The rule change would let the FBI obtain a single warrant to hack into "thousands or millions of computers at once," says Sen. Ron Wyden.
The US Supreme Court will not hear a challenge from a group of authors who believe Google's book-scanning project violates copyright law.
The damages retrial was slated to start Monday but has been delayed until the Supreme Court decides the case.
The Supreme Court, which hasn't looked at a design patent case since the 1800s, could set a precedent with ripple effects throughout the tech industry.
The decision means Apple will have to pay $400 million to book buyers to settle a DOJ lawsuit that found it conspired with other publishers to fix prices on e-books.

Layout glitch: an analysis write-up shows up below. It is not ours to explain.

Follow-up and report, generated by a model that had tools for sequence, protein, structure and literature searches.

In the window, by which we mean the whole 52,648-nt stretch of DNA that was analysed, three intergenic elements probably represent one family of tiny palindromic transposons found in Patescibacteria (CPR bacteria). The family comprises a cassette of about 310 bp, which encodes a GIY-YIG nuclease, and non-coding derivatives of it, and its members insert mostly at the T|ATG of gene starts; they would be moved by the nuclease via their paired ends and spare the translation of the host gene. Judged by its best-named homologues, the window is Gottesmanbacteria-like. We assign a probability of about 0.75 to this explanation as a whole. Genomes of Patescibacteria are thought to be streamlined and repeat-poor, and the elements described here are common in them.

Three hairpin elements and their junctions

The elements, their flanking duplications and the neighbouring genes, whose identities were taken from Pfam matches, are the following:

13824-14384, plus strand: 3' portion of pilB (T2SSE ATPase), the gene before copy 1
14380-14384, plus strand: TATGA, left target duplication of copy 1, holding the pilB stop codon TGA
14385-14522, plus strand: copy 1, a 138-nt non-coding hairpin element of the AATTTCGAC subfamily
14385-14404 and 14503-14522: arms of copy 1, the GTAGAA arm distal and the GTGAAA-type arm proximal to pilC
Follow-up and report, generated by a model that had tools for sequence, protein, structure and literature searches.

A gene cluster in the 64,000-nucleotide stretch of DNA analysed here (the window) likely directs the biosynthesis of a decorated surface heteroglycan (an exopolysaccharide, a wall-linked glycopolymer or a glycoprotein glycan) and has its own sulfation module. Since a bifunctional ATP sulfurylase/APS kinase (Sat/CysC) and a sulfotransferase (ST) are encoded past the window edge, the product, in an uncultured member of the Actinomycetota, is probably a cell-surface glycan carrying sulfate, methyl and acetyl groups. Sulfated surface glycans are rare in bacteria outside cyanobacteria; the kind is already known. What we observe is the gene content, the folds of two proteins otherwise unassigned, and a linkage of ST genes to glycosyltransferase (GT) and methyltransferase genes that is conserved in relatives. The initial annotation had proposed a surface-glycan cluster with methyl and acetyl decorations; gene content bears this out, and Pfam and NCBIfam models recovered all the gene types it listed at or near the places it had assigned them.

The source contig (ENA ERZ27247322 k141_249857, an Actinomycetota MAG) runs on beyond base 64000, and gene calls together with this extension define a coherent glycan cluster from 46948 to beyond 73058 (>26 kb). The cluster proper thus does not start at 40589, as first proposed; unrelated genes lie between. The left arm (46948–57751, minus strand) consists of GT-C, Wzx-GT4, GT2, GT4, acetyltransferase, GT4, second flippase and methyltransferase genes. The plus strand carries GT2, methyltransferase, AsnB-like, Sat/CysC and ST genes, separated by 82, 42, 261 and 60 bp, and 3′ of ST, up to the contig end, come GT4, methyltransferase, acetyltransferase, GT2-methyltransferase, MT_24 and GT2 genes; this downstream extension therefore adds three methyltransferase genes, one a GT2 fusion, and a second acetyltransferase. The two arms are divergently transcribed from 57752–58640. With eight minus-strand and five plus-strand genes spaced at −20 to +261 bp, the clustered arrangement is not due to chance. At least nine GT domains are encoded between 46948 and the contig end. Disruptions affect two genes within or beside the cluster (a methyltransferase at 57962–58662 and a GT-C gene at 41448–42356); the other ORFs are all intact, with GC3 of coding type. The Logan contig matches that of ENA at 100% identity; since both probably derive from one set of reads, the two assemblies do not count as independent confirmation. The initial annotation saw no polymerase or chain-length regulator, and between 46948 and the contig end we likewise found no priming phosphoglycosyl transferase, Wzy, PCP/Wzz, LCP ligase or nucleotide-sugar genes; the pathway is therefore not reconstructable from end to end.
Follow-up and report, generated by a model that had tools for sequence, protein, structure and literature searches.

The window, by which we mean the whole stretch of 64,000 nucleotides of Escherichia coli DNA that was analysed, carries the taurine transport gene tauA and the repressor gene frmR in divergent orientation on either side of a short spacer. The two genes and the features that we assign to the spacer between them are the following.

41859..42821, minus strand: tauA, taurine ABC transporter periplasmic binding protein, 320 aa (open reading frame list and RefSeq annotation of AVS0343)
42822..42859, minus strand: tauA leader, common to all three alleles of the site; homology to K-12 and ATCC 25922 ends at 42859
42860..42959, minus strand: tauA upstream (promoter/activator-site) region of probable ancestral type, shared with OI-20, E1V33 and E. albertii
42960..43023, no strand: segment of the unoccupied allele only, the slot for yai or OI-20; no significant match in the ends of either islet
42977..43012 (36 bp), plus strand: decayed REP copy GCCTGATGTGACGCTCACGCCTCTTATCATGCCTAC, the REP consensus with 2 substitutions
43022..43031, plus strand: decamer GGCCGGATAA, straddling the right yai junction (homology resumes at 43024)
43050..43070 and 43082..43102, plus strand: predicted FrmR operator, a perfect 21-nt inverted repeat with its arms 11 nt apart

The giant doesn't want the court to examine its patent win against Samsung and "prolong" the battle.
U.S. Supreme Court begins its fall term by refusing to hear a case involving a warrantless search of a cell phone, but other privacy-related cases are in the queue.
The South Korean company hopes the court will provide some guidance on the scope of design patents and the damages allowed.
The controversial Megaupload founder is expected, however, to bring his case to the Supreme Court of New Zealand.
The US Federal Circuit Court of Appeals' decision means Samsung has two options: appeal the case to the Supreme Court or hand over to Apple hundreds of millions of dollars.